Conference Dates

October 4-9, 2015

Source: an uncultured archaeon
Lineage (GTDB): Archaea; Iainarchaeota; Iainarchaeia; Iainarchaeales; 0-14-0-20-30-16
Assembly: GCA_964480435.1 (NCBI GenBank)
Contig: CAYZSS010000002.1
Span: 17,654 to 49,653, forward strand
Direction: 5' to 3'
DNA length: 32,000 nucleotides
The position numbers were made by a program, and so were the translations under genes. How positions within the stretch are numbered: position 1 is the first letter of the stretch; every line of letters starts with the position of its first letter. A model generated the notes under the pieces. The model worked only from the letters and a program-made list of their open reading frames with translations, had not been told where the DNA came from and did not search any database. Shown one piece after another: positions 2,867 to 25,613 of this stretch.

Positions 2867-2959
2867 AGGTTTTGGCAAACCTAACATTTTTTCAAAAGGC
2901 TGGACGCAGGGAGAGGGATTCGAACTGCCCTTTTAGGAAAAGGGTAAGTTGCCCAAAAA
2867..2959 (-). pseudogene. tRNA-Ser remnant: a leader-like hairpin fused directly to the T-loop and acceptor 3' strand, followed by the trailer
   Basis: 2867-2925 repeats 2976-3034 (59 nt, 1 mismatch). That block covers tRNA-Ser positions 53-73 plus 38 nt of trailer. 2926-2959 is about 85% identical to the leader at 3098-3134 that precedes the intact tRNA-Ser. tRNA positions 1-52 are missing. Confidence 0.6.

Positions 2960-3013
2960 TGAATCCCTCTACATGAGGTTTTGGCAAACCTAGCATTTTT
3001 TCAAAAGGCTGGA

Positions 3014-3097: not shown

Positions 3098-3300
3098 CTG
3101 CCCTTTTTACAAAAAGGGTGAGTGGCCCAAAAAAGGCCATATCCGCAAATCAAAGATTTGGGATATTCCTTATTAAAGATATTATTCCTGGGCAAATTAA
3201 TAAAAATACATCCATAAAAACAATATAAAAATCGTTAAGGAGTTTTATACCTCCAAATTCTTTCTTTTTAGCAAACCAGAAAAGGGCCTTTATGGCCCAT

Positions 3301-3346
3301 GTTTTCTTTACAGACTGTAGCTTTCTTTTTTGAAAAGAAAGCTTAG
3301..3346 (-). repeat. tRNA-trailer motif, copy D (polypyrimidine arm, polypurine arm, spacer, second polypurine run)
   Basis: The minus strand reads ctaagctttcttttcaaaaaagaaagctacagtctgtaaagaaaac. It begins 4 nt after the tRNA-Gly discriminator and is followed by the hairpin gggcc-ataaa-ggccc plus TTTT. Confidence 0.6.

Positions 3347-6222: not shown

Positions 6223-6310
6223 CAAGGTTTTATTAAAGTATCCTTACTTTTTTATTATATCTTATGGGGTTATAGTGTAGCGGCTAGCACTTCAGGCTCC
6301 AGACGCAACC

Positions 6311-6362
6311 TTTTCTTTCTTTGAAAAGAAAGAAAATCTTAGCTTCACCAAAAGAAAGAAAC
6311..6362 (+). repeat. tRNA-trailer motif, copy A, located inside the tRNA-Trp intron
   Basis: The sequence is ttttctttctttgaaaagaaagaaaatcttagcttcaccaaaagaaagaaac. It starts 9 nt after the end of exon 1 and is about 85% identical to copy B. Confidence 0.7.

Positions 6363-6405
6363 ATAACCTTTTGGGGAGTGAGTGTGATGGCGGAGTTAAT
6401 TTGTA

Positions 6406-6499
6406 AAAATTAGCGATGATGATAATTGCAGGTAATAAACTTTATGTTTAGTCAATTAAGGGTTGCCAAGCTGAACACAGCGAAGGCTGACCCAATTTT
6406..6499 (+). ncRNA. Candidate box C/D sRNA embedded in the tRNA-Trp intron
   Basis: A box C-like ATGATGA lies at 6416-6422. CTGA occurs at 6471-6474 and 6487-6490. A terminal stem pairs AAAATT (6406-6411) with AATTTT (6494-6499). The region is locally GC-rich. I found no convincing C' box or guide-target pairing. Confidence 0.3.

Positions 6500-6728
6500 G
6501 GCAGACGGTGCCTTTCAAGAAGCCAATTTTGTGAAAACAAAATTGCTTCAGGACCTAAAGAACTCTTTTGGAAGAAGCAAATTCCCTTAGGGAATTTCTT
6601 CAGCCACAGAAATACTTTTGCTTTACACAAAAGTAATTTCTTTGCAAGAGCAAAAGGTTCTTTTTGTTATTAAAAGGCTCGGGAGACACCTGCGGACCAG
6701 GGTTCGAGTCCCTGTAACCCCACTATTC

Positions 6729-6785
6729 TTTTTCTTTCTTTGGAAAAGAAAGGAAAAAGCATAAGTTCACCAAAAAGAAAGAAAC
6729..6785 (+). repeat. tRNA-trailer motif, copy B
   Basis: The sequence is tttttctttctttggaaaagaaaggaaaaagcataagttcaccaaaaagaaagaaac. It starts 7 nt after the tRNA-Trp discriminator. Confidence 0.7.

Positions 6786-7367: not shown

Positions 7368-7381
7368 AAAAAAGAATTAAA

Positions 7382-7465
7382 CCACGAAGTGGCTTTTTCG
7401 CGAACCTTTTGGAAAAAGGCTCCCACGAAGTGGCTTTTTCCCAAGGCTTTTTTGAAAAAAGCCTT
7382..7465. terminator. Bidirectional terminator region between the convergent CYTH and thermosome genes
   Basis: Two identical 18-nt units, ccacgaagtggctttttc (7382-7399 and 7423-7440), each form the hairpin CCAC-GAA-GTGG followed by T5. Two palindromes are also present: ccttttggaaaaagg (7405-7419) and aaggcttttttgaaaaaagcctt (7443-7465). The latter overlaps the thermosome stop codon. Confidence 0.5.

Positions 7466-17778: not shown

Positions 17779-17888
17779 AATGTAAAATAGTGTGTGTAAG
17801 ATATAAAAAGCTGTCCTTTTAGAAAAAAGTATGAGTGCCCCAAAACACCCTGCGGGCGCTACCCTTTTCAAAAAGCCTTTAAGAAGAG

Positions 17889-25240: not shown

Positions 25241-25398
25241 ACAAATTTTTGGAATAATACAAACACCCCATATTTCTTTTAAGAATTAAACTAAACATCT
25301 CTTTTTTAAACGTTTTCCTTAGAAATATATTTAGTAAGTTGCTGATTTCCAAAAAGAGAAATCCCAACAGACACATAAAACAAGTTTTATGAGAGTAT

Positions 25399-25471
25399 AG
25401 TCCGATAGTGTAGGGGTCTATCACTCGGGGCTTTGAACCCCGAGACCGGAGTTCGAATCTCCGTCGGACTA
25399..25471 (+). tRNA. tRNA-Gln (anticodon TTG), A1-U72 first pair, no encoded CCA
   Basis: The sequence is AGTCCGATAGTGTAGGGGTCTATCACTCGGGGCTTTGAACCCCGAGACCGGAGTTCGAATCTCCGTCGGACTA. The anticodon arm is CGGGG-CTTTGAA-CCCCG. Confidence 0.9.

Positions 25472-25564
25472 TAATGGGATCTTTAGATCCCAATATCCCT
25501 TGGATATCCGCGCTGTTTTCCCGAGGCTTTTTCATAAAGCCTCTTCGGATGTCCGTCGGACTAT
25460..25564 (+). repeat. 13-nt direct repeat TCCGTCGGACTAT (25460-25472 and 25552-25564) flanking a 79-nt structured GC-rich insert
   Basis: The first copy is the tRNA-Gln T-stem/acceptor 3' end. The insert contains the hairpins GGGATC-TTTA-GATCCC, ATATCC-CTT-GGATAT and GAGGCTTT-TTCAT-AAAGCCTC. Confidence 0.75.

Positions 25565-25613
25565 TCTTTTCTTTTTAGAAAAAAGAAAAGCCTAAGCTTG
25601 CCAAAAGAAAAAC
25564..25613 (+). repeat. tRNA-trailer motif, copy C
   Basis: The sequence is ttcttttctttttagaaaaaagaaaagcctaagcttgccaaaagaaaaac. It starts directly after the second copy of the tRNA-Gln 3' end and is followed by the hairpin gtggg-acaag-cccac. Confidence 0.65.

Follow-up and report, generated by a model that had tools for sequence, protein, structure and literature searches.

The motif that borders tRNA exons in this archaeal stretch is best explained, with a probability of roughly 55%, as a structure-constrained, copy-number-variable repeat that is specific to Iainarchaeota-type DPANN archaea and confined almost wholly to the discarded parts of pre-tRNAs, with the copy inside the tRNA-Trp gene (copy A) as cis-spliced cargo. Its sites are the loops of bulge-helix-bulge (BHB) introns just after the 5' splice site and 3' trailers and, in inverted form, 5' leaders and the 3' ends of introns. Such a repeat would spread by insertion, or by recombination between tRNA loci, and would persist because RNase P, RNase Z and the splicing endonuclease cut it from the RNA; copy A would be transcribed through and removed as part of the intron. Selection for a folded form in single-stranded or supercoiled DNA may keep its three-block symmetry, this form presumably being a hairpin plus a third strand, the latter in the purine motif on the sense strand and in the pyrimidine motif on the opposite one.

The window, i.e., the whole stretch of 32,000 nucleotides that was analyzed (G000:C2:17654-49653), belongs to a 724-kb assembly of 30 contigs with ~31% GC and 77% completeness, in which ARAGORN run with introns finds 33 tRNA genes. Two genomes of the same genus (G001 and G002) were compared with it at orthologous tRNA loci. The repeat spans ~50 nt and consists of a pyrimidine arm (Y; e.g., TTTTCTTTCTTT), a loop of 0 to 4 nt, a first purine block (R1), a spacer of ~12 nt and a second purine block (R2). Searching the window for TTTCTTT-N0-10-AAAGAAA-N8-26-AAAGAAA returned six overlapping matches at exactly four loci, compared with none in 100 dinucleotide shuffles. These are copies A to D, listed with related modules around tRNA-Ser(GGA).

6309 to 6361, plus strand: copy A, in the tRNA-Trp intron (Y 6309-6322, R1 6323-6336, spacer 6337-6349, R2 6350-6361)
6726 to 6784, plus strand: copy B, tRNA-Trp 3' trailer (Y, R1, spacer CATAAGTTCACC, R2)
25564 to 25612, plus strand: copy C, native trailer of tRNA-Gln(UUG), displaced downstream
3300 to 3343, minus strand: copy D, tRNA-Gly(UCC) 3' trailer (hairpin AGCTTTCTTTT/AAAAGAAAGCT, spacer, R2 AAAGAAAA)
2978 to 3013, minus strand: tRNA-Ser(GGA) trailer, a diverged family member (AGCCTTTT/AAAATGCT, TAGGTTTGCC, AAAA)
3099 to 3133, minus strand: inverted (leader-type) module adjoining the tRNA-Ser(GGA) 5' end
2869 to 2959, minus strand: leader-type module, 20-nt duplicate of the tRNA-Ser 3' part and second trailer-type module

In the industry, there are several techniques which improve the service lifetime of materials by increasing the local mechanical properties in the near-surface. In the case of mechanical surface treatments (such as impact-based), the material is exposed to repeated mechanical loadings, producing a severe plastic deformation in the surface, and then leading to a local refinement of the microstructure into the affected zone (Tribologically Transformed Surfaces - TTS). The microstructure’s transformation is characterized by a progressive increment of the grain size from the surface until the bulk material. Consequently, very interesting physical properties such as high hardness and better tribological properties are exhibit in these mechanically-induced transformed surfaces. Nowadays, it is well-known that the grain size gradient generated provokes an evolution on the mechanical properties in the impacted zone over a few tens of microns. However, a simple micro-hardness test is not quite enough to quantify precisely the engendered variation of mechanical properties due to the heterogeneity of the transformed surface. The main issue of this work is to assess and describe precisely the elastic-plastic behavior and the distribution of mechanical properties on deformed zones of a model material (pure iron). In our project, a characterization of the transformed microstructure, as well as a statistics measurement of the grain size distribution on the cross-section of the sample is presented firstly. Afterwards a methodology based on nano-indentation tests (Fig.1) and in-situ micro-pillars compression tests (Fig.2) is implemented to quantify the evolution of mechanical properties starting from the near-surface. A relation between the hardness gradient and the microstructure evolution is established, as well as a comparison between the properties measured by both techniques is discussed.